g. Make a backup of the entire registry. In the left panel, select “Computer” (the highest level). Go to the File menu at the top (or right-click on “Computer”) and select Export. In the Export Registry File dialog, give the file a distinctive, descriptive name & save it to your registry backup folder. Create a registry backup folder if you don’t already have one.
h. Then, in the Registry, find the path HKEY_LOCAL_MACHINE\SOFTWARE\Policies\Microsoft\Windows\WindowsUpdate
i. Click on the WindowsUpdate folder to select it. Right-click on it, select “Export,” and make a backup of just this part of the registry. Save this to your registry backup folder, just in case you need it.
j. Click on the WindowsUpdate folder to select it. Among the keys that appear in the right panel of the Registry box, there should be one or both of the following two keys:
k. You will see an ip address associated with each of those keys. I assume that this is the server at headquarters that they use to control updates to our custom version of Windows. We are going to inactivate those keys, temporarily, so that Windows Update is free to find the Korean language pack on the regular Windows Update servers.
l. In the right panel, right-click on “WUServer” and select “Rename.” To “WUServer,” add something like “Pause,” so the new name is “WUServer Pause.” Similarly, rename “WUStatusServer” to “WUStatusServer Pause.”
m. Right-click the Start button and select “Command Prompt (Admin).” Click “Yes” when prompted to open the Administrator: Command Prompt box.
n. In the Administrator: Command Prompt box type: “Net stop wuauserv” (without quotation marks)
o. Wait 15 seconds for Windows Update to stop, then in the Administrator: Command Prompt box type: “Net start wuauserv” (without quotation marks)
p. Now, Windows Update will work without going to the custom server.
q. Give it a minute to work, then try Step 2c again. Now, Windows Update should start working and will give you the option of installing the Korean language pack. This could take a while. Download and install the language pack.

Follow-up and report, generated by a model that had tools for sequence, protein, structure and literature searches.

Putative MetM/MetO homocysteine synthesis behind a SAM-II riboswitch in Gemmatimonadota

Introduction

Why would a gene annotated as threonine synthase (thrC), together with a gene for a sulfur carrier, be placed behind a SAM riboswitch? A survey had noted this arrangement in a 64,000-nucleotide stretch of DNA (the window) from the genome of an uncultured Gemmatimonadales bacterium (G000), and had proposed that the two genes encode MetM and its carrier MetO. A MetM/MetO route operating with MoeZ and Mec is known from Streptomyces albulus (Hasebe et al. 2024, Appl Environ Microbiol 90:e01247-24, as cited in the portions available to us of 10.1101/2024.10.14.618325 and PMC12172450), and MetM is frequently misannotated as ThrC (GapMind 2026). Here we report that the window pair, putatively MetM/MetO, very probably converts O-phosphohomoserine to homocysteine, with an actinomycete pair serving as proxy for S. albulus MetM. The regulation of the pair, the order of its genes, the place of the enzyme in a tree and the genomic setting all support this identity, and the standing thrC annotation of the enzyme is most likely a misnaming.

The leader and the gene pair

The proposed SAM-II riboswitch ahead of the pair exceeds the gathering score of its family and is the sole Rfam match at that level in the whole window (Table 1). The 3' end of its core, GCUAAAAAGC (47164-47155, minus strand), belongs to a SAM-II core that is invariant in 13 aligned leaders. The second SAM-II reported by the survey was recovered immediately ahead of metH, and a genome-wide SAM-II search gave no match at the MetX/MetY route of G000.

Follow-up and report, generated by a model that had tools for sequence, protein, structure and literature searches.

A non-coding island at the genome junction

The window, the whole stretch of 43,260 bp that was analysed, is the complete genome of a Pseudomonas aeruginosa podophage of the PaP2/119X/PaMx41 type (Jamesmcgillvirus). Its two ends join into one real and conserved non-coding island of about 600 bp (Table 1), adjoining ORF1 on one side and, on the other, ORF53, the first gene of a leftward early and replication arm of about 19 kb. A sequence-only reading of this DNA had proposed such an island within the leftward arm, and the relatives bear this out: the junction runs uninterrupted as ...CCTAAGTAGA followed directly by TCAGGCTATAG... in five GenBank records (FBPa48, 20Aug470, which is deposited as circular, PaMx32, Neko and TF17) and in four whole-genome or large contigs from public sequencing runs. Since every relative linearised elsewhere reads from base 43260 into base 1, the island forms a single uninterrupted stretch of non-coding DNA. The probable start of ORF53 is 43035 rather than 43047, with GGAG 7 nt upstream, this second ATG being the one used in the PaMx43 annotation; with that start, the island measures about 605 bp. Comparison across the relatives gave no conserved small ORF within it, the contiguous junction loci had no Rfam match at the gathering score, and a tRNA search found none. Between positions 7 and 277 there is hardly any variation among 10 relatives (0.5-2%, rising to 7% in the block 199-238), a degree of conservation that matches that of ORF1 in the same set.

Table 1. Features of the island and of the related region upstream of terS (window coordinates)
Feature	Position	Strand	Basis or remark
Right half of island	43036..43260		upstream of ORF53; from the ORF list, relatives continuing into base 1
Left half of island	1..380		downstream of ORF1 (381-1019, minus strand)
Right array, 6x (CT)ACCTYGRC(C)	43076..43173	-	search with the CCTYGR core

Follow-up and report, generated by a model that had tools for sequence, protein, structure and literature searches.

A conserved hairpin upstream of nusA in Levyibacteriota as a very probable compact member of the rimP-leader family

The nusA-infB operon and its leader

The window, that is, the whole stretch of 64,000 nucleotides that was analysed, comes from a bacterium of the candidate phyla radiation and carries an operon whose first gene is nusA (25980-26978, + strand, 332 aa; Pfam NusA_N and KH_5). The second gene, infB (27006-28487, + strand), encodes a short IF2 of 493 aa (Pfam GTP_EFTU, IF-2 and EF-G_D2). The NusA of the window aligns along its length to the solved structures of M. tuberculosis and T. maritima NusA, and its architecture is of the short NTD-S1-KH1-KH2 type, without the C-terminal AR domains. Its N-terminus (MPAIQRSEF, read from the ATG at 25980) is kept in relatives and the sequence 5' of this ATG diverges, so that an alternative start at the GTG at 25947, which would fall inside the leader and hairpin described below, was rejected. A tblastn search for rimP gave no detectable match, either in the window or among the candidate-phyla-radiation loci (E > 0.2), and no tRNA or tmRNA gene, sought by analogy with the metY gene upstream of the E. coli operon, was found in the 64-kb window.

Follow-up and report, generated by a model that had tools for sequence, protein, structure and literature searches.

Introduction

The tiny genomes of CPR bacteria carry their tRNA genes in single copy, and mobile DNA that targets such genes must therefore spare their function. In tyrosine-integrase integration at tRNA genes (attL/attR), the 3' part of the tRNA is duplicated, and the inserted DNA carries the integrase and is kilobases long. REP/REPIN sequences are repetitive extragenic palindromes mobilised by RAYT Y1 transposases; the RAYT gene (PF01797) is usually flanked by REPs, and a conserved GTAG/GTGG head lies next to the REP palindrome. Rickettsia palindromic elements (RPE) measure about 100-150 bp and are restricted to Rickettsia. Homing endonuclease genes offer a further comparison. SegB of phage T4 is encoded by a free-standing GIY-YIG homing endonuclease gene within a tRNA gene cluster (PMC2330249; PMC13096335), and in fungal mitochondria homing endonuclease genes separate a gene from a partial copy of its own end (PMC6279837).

r. When you’re done, go back to Step 1f and 2c (above), and for each, select Korean, click on “Options,” and download/install everything that is available. For me, this was a necessary step. Without it, I could display Windows system labels in Korean, but MLS still would not display Korean characters. (I restarted the computer before I did this step, but I don’t know whether that was necessary.)
s. MLS should now display Korean text.
t. Go back to the Registry Editor. Find the registry keys that you modified (in step 3l) and change the names back to what they were before. If you followed my naming suggestion earlier, change “WUServer Pause” to “WUServer,” and change “WUStatusServer Pause” to “WUStatusServer.”
u. Now, get the computer to use the custom update server again. In the Administrator: Command Prompt box type: “Net stop wuauserv”
v. Wait 15 seconds for Windows Update to stop, then in the Administrator: Command Prompt box type: “Net start wuauserv”
w. Run Windows Update > Check for Updates to make sure that it is working again.
Discussions around using and interfacing with the Church MLS program.
3 posts • Page 1 of 1
This was incredibly helpful. It worked perfectly here.
Lynbrook, New York Stake Technology Specialist
Lynbrook, New York Stake Technology Specialist
Thank you so much for letting me know.